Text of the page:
Spatio-temporal dynamics of alternative male phenotypes in coho salmon populations in response to ocean environment

Authors

  • YUSUKE KOSEKI,

    1. Field Science Center for Northern Biosphere, Hokkaido University, N9 W9, Sapporo 060–0809, Japan; and
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  • IAN A. FLEMING

    1. Department of Fisheries and Wildlife and Coastal Oregon Marine Experimental Station, Oregon State University, Hatfield Marine Science Center, Newport, OR 97365, USA
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    • Current address: Ocean Sciences Centre, Memorial University of Newfoundland, St John's, NL, A1C 5S7, Canada.


and current address: Yusuke Koseki, Ocean Sciences Centre, Memorial University of Newfoundland, St John's, NL, A1C 5S7, Canada. E-mail: ykoseki@mun.ca

Summary

  • 1The coexistence of alternative reproductive phenotypes will probably be shaped by spatial and temporal variability in the environment. However, the effects of such variability on coexistence and the scale at which it operates are seldom understood.
  • 2To quantify such effects, we examined spatial and temporal dynamics in the abundance and frequency of alternative phenotypes of male coho salmon, Oncorhynchus kisutch Walbaum, which mature as either large fighters (age-3 ‘hooknoses’) or small sneakers (age-2 ‘jacks’). Using over 20 years of data on coded-wire tagged fish released from nine Oregon hatcheries, we tested for the effects of ocean environment independent of those due to freshwater rearing.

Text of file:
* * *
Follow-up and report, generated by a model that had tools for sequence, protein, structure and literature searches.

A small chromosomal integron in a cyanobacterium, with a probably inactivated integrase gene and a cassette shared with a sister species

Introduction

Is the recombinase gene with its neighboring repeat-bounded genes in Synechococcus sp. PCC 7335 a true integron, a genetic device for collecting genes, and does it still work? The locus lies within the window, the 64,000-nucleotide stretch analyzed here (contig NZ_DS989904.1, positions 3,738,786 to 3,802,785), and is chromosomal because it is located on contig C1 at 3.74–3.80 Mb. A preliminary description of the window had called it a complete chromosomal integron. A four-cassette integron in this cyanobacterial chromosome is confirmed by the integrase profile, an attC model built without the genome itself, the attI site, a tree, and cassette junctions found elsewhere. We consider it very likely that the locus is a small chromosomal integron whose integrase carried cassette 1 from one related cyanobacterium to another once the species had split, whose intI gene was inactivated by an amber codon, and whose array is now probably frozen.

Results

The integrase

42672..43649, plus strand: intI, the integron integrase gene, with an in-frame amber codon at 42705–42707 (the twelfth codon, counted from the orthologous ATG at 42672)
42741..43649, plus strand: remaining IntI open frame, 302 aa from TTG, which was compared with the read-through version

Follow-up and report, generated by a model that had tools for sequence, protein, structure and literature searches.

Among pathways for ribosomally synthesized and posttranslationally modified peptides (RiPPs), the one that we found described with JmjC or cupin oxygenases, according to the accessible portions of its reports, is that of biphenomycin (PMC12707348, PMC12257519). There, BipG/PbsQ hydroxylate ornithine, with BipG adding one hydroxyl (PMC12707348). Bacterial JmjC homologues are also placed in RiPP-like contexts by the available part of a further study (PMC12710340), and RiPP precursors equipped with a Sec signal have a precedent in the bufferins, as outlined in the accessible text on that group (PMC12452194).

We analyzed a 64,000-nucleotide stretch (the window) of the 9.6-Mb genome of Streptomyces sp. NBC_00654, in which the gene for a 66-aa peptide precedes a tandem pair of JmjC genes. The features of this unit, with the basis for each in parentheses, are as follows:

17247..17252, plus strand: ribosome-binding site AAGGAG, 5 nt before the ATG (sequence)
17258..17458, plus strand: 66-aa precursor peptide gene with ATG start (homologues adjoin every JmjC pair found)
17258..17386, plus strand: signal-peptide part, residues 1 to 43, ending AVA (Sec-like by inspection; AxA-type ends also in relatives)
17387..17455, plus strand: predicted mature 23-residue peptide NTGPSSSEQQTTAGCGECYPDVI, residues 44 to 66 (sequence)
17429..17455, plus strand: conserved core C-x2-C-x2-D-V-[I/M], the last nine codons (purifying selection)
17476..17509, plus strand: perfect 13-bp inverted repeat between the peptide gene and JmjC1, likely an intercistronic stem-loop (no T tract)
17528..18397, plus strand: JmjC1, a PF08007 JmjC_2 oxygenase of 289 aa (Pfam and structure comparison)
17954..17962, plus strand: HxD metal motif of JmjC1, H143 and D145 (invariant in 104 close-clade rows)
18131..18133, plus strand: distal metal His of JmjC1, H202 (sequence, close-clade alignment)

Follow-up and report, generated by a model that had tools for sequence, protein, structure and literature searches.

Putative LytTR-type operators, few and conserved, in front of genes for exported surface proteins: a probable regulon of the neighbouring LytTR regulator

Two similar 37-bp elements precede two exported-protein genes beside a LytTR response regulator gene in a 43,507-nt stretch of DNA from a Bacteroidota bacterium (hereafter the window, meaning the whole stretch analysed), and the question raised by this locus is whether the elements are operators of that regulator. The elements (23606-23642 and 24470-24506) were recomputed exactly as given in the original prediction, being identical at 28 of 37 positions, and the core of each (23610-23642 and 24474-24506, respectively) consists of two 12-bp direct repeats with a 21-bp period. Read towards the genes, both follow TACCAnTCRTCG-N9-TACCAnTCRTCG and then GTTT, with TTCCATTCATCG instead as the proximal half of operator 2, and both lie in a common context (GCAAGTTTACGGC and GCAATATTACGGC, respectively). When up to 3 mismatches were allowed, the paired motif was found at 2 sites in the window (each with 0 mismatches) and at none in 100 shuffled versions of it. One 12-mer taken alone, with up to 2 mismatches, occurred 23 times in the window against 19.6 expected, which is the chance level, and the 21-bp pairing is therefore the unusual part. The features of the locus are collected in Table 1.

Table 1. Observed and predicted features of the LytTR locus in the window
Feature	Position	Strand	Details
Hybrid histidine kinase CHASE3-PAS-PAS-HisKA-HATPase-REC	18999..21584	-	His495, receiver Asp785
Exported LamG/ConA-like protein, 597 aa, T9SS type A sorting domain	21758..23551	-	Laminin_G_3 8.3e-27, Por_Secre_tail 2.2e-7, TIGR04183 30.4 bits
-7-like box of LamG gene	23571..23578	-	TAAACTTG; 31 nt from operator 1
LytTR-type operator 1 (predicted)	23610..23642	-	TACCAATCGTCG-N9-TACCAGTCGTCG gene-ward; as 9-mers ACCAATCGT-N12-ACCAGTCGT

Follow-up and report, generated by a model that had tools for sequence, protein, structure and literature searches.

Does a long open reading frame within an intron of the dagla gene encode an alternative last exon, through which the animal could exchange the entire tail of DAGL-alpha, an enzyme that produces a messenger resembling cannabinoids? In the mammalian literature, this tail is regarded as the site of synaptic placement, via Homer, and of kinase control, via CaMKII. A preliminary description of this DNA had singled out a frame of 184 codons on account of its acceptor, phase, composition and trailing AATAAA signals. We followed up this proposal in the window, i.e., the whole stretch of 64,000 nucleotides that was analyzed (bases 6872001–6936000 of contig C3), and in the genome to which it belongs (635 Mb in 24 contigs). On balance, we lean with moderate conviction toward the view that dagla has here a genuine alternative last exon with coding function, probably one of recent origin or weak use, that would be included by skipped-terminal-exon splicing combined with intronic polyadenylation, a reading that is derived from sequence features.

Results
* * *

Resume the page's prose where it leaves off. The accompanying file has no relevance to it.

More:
• 3Annual fluctuations of the abundance of jack and hooknose males within populations were correlated strongly by brood year (cohort) but not by return year (breeding group). This occurred independently of significant effects of release practice (i.e. the number of fish released, body size at release and date of release), indicating that a synchronized fluctuation in mortality during the first year at sea was the predominant cause. As a result, the annual frequency of the alternative phenotypes at breeding varied considerably within populations.
  • 4Spatial patterns in the annual fluctuations of the two phenotypes were similar (i.e. synchronous among populations), except that jacks showed local spatial structure (decreased synchrony with distance) not evident among hooknoses. This suggests that oceanic processes affecting the two phenotypes operate at different spatial scales. Despite effects on salmon abundance, the ocean environment had little influence through its effects on salmon growth on the relative frequencies of the alternative phenotypes within and among populations.
  • 5The results provide insight into the evolutionary dynamics of alternative phenotypes, including an intragenerational time lag that increases annual variability in phenotype frequencies at breeding (return years) and the significance of local freshwater processes, rather than oceanic processes, on phenotype expression. Freshwater processes, such as juvenile growth, timing of migration and breeding competition, operating at evolutionary and intragenerational time-scales, are probably the predominant forces affecting phenotype frequency.

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